Newswise — WASHINGTON -- Experimental evidence confirms what surveys have long suggested: Physicians are more likely to prescribe antibiotics when they believe there is a high expectation of it from their patients, even if they think the probability of bacterial infection is low and antibiotics would not be effective, according to a study published by the American Psychological Association.

Numerous studies have shown that inappropriate and excessive antibiotic use remains one of the main causes of antibiotic resistance and is widely considered a major threat to global health.

“Much effort has been spent encouraging physicians to adhere to clinical guidelines when prescribing antibiotics. However, with few notable exceptions, these efforts rarely address the non-clinical factors, such as how to tackle patients’ expectations,” said the study’s lead author, Miroslav Sirota, PhD, of the University of Essex. The study is published in the journal Health Psychology.

Researchers conducted two separate experiments involving 436 physicians in the United Kingdom. In the first experiment, practicing family physicians (50 percent male) from around the U.K. filled out a questionnaire that presented them with one of several different vignettes. All the vignettes involved a 15-year-old girl accompanied by her mother who is on her third day of symptoms of a typical ear infection with fever, ear pain and reduced hearing, however is systematically well with no ear perforation or discharge. In one version, the mother insists that the doctor help the girl to recover quickly since she has to participate in an important swim meet in four days (high expectations condition). In another vignette, there is no upcoming swim meet; rather, the girl has already finished her swimming season (low expectations condition).

The physicians assessed the probability of a bacterial infection and expressed their willingness to prescribe antibiotics on a scale of zero to 10. While ear infections can be either bacterial (which may respond to antibiotics) or viral (which don’t respond to antibiotics), U.K. guidelines, which is in line with the U.S. and Canadian guidelines, suggest physicians can safely withhold or delay antibiotics unless the child is systematically unwell, has perforation and/or discharge in the ear canal, or if the symptoms have persisted for four days or more, the authors noted. The order of the questions given to the physicians was manipulated randomly for each participant, so some received the bacterial probability question first and then the question on antibiotics prescribing while others saw the questions reversed.

Overall, despite the order of the questions, physicians who read the vignette where the mother had higher expectations for antibiotics prescribed them even though they were no more likely than physicians in the low expectations group to think the infection was bacterial.

“This was a somewhat reassuring finding as we thought that the effect of non-clinical factors might have been even more serious than we had imagined,” said Sirota. “Imagine, for example, that a physician rationalized her decision to prescribe the antibiotics by increasing the perceived probability of a bacterial infection. We did not find any evidence of that happening, which is good news, and has taught us something new about the ‘localized’ effect of expectations.”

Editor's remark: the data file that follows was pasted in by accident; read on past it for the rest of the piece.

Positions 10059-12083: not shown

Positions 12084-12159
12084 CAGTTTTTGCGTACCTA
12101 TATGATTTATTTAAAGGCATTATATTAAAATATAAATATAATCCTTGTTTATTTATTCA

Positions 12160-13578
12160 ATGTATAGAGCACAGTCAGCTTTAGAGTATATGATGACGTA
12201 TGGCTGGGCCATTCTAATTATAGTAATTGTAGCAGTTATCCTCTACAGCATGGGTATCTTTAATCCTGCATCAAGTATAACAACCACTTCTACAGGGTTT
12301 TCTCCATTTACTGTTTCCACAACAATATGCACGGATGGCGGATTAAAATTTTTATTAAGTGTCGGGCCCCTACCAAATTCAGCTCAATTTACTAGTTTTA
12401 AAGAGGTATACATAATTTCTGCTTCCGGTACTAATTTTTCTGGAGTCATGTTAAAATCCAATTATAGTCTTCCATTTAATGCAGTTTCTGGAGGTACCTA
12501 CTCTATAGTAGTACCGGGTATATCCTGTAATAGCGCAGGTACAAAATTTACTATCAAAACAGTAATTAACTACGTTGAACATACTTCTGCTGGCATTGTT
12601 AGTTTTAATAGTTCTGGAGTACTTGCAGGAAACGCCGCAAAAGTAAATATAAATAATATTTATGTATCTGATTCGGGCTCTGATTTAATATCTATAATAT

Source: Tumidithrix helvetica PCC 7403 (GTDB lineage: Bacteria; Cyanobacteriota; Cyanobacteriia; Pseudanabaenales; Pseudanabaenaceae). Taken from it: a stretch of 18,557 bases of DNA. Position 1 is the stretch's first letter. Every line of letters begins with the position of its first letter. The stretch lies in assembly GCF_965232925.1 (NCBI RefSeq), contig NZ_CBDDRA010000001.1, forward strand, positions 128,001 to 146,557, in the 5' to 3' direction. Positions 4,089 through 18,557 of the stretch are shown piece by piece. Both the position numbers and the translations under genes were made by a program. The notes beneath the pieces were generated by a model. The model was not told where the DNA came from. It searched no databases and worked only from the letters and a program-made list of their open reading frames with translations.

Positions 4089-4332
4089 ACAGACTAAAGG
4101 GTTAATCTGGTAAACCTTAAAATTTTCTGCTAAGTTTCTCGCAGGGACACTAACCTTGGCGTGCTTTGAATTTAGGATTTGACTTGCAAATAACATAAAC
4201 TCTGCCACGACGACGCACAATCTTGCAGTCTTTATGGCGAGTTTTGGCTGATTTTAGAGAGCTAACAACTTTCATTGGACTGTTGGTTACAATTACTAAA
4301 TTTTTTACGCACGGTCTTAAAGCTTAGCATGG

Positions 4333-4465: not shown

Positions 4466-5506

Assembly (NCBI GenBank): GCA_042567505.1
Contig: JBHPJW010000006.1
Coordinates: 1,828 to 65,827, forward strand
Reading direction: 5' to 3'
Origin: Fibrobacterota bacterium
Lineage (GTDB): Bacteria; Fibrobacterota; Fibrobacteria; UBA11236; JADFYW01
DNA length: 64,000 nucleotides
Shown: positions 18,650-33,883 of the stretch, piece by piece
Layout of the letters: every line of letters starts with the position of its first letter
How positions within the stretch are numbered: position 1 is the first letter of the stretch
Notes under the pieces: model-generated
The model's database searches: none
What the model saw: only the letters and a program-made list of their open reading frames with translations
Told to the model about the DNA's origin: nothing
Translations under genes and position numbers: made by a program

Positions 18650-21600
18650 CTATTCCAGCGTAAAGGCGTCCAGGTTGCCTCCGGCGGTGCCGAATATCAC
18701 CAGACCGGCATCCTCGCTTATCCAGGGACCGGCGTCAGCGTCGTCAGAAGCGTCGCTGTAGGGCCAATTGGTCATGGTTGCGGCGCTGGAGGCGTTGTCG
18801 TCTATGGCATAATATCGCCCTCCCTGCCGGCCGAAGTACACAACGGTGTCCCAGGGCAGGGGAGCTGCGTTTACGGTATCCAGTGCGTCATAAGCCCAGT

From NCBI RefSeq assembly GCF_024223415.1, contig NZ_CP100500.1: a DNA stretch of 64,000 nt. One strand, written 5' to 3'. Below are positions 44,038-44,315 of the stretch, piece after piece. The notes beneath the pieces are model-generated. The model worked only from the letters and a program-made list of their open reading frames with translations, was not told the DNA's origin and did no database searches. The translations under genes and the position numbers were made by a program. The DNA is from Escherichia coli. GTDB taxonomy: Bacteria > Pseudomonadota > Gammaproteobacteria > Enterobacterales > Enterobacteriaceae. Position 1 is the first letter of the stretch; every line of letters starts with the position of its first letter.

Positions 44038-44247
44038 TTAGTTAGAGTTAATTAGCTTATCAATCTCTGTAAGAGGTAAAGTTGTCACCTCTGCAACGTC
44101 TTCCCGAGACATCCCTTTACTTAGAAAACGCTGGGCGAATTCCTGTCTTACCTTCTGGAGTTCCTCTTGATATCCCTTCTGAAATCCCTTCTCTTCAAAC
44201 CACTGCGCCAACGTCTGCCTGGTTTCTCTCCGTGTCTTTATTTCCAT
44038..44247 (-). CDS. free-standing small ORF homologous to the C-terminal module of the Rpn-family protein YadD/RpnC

The second experiment presented a story of an adult patient with ear infection symptoms who either had low or high expectations for antibiotics – similar to the vignette in the first experiment. In this case, 52 percent of physicians prescribed antibiotics and were more likely to prescribe them if the patient expected antibiotics during the consultation. As in the previous experiment, there was no difference between the doctor’s reports of bacterial probability and antibiotics prescribing. In the third vignette, involving an adult patient with typical cold symptoms who had high expectations for antibiotics, only 12 percent said they would prescribe them.

“We do not intend our study to criticize physicians and how they prescribe antibiotics,” stressed Sirota. ”Rather, we want to point out that the over prescribing of antibiotics is a serious systemic issue: we should all work together– from patients having more realistic expectations about antibiotic effectiveness to physicians managing patients’ expectations when contradicting clinical guidelines – to tackle its multiple facets.”

Article: “Expectations for Antibiotics Increase Their Prescribing: Causal Evidence About Localized Impact,” by Miroslav Sirota, PhD, University of Essex; Thomas Round, BS, King’s College London; Shyamalee Samaranayaka, MD, University of Sri Jayewardenepura; and Olga Kostopoulou, PhD, Imperial College. Health Psychology, published online Feb. 16, 2017.

Full text of the article is available from the APA Public Affairs Office and at

Contact: Miroslav Sirota can be contacted by email at [email protected] or by phone at +44 (0) 1206 874 229.

The American Psychological Association, in Washington, D.C., is the largest scientific and professional organization representing psychology in the United States. APA's membership includes nearly 115,700 researchers, educators, clinicians, consultants and students. Through its divisions in 54 subfields of psychology and affiliations with 60 state, territorial and Canadian provincial associations, APA works to advance the creation, comunication and application of psychological knowledge to benefit society and improve people's lives.